NK-Cabinet reshuffle

SEOUL, April 2 (Yonhap) -- North Korea's parliament overhauled most industrial sector ministers while it tapped an economic expert as the country's new premier, state media outlets said Tuesday, an indication that the North may be seeking to revitalize it sluggish economy.

Korean Central Television and Radio Pyongyang said earlier in the day that the Supreme People's Assembly (SPA) sacked the vice prime minister Ri Seung-ho, and other ministers in charge of agriculture, natural resources development, city management, land and environmental preservation, and the chemical and crude oil industries. Heads of the public health and education ministries were also replaced with no reason given for their dismissal.

"There have been reports that North Korean leader Kim Jong-un called for the creation of a task force last year to revamp the economy, and those that were newly named as ministers took part in that policy development process," said Cho Bong-hyun, an analyst at the IBK Economic Research Institute. He speculated that many of the new ministers worked with the 74-year-old Pak Pong-ju, who was confirmed as prime minister by the SPA, and is also a member of the political bureau, the country's top decision-making body.

Other observers in Seoul echoed this view and claimed changing most industrial sector ministers in the North's Cabinet may be connected to the SPA's decision to name Pak as premier for the second time and allow him to revive the economy by appointing officials he has worked with in the past.

Pak is a long-time industry technocrat and economic expert who led the chemical industry ministry before serving as the country's premier from 2003-2007. He visited Seoul in 2002 as a member of a North Korean economic delegation, and is cited for spearheading the "July 1 Decree" in the same year that calls for wage setting reforms and more freedom for the country's businesses.

"The SPA made clear it will hold onto its nuclear arsenal yet it showed its interest toward economic growth at its gathering Monday," a unification ministry official said.

The official, who declined to be identified, added that naming Pak and changing ministers could be viewed as a move by Pyongyang to overcome the current impasse on its nuclear issue and strained relations with the rest of the world, by giving off signals that it wants to focus more on the economy than weapons of mass destruction (WMD). He, however, doubted that any economic reform drive will be effective in light of Pyongyang's failure to give up its WMD program.

Independent economists have said that the North doesn't have the means to pull off meaningful gains in the economic field without outside help, although such assistance is effectively impossible if it does not give up its nuclear weapons and its long-range rocket development projects.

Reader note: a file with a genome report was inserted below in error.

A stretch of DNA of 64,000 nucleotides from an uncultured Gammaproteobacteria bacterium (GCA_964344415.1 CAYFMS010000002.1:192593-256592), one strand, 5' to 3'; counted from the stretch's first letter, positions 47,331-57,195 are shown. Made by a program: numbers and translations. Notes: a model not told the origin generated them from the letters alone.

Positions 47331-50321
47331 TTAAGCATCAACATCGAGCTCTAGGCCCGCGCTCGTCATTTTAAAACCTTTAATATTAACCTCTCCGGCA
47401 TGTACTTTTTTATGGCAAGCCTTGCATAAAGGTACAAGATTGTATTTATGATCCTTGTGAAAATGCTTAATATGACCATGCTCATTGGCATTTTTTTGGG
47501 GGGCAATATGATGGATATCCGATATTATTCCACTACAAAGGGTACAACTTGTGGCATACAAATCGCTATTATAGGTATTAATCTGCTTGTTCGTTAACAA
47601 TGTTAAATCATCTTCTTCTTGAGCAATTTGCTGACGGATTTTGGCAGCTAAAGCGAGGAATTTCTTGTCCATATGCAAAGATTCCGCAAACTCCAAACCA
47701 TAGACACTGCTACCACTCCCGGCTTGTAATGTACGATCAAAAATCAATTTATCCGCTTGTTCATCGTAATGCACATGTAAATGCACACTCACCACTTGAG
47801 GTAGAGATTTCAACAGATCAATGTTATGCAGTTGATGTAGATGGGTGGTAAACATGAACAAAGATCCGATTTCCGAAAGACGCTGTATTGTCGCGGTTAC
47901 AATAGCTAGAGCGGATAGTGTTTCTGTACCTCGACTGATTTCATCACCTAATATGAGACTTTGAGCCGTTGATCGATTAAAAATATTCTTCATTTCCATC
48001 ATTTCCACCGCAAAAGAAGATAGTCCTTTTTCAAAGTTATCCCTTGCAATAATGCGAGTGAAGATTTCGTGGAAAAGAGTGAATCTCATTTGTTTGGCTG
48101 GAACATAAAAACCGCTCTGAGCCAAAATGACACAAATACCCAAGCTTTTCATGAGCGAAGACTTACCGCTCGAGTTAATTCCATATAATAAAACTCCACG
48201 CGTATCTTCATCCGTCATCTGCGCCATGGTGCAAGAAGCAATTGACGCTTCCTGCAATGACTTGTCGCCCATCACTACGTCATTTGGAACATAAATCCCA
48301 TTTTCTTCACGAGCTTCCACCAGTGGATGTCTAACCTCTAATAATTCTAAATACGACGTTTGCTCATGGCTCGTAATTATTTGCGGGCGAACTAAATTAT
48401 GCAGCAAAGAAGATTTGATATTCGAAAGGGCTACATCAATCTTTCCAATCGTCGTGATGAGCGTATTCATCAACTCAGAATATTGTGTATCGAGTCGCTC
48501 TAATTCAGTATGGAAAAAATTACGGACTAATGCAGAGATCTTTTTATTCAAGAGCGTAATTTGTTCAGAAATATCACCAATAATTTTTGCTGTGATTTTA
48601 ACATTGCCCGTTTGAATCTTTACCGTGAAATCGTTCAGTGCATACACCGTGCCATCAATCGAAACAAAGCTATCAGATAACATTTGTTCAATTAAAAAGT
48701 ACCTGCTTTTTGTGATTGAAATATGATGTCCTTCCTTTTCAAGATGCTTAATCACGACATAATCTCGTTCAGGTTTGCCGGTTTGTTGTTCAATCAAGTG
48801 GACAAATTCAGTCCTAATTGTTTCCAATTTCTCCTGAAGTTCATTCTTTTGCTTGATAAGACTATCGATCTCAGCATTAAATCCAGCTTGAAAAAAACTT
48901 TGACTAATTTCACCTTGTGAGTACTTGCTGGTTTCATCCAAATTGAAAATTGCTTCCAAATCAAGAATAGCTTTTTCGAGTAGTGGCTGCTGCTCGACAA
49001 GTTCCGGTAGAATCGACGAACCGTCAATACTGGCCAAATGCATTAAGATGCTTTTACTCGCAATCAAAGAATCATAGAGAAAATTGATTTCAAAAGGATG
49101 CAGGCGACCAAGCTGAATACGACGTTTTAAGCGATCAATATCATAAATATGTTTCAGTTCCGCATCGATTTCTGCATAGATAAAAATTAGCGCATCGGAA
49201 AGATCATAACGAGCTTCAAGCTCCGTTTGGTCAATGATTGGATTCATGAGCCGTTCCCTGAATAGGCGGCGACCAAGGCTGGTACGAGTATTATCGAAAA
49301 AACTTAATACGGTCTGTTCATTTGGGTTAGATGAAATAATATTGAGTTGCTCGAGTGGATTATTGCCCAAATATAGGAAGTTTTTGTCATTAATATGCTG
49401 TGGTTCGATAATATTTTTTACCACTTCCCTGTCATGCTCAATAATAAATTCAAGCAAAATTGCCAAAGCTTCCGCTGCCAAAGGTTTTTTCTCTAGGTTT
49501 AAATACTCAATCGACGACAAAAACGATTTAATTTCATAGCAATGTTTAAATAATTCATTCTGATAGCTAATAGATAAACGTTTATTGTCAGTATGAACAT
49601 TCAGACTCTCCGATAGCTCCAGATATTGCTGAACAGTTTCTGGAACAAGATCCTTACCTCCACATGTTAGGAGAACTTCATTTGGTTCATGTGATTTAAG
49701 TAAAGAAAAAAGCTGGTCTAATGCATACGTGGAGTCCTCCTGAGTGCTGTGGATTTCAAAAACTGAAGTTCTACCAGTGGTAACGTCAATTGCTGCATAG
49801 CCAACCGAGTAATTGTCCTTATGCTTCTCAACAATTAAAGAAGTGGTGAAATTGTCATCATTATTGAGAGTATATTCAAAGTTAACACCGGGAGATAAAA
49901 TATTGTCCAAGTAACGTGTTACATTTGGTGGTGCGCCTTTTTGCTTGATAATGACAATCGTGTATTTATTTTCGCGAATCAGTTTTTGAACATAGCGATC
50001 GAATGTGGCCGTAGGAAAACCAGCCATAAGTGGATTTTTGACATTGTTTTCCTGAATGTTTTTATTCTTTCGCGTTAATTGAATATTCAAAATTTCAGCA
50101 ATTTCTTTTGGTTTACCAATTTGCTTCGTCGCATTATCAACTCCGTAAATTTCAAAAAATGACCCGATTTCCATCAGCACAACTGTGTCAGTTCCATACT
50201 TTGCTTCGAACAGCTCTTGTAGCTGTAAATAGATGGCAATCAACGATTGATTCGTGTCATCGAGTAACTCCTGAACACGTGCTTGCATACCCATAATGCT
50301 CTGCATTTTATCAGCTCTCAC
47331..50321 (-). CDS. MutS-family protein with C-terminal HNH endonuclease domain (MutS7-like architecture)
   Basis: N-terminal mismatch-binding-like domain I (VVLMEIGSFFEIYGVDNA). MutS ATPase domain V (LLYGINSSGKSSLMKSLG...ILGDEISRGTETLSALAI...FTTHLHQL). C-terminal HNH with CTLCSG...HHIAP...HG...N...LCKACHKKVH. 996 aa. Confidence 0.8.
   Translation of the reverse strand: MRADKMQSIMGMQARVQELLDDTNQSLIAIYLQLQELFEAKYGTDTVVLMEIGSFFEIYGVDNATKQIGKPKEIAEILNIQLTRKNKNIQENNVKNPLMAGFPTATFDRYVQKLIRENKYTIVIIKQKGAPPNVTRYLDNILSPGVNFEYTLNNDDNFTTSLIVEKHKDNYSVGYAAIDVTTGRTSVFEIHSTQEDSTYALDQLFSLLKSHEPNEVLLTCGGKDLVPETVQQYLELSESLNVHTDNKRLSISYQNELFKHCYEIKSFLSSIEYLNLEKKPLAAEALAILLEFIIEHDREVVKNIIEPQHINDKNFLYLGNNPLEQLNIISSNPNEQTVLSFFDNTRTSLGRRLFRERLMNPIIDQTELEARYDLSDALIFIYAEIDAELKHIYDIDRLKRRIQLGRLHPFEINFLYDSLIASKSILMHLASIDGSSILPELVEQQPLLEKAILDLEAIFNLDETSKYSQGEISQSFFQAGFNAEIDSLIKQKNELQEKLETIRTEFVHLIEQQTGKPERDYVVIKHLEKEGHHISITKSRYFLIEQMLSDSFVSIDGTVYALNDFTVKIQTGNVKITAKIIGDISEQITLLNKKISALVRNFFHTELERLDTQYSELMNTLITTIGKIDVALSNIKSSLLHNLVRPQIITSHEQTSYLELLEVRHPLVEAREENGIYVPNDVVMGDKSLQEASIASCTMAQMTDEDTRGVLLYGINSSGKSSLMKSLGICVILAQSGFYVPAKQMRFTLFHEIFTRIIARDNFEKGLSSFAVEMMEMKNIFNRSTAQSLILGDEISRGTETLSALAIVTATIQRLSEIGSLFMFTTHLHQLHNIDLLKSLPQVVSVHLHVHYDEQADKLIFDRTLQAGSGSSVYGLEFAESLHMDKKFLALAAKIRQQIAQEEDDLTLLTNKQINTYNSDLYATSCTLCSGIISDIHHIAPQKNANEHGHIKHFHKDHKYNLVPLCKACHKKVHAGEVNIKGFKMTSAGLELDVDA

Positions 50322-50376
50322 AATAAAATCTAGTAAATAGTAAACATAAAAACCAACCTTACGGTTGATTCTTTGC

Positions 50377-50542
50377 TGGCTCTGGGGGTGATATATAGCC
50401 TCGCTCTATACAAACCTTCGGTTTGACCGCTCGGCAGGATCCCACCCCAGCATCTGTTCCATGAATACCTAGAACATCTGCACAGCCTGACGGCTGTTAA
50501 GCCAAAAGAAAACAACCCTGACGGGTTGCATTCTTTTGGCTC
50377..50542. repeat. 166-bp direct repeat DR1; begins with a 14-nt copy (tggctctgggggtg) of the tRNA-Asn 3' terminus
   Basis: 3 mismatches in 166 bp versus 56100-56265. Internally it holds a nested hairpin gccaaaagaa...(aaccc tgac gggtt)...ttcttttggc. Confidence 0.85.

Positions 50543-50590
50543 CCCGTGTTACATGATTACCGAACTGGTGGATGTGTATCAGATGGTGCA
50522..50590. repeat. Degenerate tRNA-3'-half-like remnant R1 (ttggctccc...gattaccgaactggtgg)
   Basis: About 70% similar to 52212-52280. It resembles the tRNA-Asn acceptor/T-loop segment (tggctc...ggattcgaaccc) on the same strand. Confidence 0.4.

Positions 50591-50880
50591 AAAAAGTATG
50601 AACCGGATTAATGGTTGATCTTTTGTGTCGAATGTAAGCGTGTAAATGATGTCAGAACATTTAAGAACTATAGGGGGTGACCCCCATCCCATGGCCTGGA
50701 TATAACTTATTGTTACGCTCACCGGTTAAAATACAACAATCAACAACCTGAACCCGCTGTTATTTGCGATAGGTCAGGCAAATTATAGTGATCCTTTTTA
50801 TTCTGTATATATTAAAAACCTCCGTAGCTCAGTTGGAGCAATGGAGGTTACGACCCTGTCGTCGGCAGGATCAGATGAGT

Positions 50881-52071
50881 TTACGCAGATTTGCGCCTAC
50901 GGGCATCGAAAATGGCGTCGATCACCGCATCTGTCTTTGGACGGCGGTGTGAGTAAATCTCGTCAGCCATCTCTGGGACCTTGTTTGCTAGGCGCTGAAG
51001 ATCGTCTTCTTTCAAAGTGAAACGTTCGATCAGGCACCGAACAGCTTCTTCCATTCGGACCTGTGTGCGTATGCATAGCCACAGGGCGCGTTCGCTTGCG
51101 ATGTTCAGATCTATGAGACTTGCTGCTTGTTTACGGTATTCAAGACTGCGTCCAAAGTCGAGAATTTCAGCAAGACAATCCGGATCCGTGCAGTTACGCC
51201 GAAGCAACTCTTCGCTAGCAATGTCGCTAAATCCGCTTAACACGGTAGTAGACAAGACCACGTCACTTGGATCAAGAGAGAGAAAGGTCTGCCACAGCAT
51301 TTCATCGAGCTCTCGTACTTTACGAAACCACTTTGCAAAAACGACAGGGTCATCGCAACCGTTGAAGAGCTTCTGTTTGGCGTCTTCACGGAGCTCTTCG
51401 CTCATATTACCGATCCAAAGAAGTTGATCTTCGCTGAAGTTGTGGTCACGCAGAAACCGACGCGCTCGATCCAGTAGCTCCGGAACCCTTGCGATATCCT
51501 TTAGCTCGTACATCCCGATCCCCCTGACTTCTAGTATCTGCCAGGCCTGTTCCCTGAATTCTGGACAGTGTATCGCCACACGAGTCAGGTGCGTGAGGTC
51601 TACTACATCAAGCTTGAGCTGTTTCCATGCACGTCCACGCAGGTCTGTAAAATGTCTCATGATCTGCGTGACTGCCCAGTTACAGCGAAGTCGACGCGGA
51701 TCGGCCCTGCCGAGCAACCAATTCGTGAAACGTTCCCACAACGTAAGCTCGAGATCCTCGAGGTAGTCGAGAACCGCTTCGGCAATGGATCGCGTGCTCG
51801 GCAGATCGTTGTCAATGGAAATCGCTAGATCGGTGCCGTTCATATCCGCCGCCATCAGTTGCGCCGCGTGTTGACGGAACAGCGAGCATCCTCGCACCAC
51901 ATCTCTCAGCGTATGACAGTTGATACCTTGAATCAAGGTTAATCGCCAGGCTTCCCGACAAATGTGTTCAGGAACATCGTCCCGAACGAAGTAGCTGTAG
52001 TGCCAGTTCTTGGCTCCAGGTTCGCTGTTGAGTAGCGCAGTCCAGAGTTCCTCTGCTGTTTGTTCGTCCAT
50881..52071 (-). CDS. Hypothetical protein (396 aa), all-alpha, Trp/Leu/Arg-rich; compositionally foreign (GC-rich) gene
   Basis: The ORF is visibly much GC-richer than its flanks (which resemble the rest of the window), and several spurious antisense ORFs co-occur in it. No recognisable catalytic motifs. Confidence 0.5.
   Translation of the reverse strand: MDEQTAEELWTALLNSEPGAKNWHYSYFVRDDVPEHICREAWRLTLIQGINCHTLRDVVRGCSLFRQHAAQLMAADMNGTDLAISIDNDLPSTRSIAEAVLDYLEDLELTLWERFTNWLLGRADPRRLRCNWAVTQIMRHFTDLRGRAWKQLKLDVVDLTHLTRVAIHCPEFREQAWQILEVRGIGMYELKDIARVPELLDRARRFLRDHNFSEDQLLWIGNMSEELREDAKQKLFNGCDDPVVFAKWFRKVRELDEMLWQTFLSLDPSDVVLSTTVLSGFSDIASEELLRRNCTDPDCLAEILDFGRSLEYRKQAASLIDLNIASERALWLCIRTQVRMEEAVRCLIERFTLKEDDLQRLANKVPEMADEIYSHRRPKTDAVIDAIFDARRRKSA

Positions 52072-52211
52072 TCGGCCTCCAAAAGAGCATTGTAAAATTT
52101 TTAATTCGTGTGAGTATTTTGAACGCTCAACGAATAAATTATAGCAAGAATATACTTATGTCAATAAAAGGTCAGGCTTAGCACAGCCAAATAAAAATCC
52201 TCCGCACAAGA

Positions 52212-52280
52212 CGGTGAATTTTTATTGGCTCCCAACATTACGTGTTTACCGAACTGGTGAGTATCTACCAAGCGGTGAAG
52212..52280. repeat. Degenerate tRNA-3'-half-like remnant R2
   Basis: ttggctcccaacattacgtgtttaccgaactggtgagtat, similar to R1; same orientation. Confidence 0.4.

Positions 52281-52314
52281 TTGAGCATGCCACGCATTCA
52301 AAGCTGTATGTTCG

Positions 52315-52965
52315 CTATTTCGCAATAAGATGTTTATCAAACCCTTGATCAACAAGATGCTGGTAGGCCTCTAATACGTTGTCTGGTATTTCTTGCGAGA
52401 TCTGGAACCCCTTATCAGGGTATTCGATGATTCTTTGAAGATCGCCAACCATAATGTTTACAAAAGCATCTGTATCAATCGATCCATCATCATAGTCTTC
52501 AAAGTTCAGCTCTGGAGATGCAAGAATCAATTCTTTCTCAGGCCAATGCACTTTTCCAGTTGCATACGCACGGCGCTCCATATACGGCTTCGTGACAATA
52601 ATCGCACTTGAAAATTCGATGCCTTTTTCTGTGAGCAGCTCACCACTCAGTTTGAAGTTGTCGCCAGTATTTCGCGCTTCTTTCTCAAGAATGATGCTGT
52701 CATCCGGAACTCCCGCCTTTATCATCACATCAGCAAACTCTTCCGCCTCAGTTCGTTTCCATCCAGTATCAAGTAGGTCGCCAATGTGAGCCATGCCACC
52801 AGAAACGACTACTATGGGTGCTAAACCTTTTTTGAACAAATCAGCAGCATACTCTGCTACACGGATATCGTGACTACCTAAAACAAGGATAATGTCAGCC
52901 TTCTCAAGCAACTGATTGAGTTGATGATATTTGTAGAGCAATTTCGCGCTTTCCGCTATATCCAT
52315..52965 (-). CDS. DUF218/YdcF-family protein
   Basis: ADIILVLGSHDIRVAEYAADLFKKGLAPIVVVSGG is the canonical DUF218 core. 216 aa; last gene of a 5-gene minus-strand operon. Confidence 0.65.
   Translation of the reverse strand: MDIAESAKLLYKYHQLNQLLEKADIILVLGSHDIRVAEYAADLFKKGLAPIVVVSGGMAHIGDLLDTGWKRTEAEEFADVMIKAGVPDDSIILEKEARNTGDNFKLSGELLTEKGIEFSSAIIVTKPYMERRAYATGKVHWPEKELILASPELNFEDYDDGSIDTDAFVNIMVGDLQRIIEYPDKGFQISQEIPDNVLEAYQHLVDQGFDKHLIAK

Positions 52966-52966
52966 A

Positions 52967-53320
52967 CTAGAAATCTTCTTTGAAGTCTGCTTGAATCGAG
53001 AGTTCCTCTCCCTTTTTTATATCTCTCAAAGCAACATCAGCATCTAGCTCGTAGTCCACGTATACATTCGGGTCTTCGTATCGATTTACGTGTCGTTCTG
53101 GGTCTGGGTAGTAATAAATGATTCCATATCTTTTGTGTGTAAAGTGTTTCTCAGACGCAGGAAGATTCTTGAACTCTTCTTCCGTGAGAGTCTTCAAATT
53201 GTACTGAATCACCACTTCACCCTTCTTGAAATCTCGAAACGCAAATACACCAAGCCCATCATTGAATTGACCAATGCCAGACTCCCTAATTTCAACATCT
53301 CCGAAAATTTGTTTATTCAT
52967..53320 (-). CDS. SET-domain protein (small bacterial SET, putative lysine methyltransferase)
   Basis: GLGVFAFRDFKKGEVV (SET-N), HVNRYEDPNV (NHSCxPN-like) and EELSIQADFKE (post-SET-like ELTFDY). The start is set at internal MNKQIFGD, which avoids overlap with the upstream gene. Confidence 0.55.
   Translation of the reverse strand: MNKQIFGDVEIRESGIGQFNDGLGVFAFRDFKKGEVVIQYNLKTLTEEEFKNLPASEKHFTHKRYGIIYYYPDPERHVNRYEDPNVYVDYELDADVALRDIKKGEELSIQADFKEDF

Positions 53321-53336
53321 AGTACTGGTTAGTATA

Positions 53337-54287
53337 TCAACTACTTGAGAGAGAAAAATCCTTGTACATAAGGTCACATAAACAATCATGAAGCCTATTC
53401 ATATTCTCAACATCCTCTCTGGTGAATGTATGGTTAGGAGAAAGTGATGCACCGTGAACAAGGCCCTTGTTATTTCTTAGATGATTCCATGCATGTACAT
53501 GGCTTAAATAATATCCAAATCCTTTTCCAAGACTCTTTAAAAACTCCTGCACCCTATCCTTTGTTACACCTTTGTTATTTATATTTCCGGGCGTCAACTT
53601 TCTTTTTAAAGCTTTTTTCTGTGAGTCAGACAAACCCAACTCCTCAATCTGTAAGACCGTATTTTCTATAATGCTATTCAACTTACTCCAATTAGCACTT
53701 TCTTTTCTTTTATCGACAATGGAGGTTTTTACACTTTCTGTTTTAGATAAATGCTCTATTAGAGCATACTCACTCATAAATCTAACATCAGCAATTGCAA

The two broadcasters then said that to fill the vacancies in the Cabinet, Ri Mu-yong was named vice prime minister and head of the Ministry of Chemical Industry with Ri Chol-man made Minister of Agriculture and vice prime minister. Kang Yong-su and Pae Hak were each named ministers of city management and crude oil industry.

The media outlets added that new officials such as Ri Hyuk, Ri Chun-sam, Kim Kyung-jun and Tae Hyung-chol were appointed to lead the ministries of fisheries, national resources development, environment preservation and education. The education minister jointly holds the title of president of Kim Il-sung University, the North's most prestigious school.

Pak's predecessor Choe Yong-rim has been named honorary vice president of the SPA Presidium.

The North has been raising tensions on the Korean Peninsula by launching a long-range rocket and detonating its third nuclear device; yet, at the same time, it has been emphasizing the importance of economic growth and improving the livelihoods of the people.

The Korean Central News Agency (KCNA), which also covered the gathering of lawmakers, meanwhile, stopped disseminating all photos taken at the event, including those already sent out to clients. No explanation was given although it may be due to the photos not clearly showing Choe Ryong-hae, the director of the military's General Political Bureau, sitting right next to the North Korean leader. In the photos Kim seems to be sitting besides Jang Song-thaek, his uncle, who is widely considered to be the No. 2 man in the communist country.

Pyongyang observers said that while it is rare, the North's official news wire service, in the past withdrew whole stories that it had sent out.

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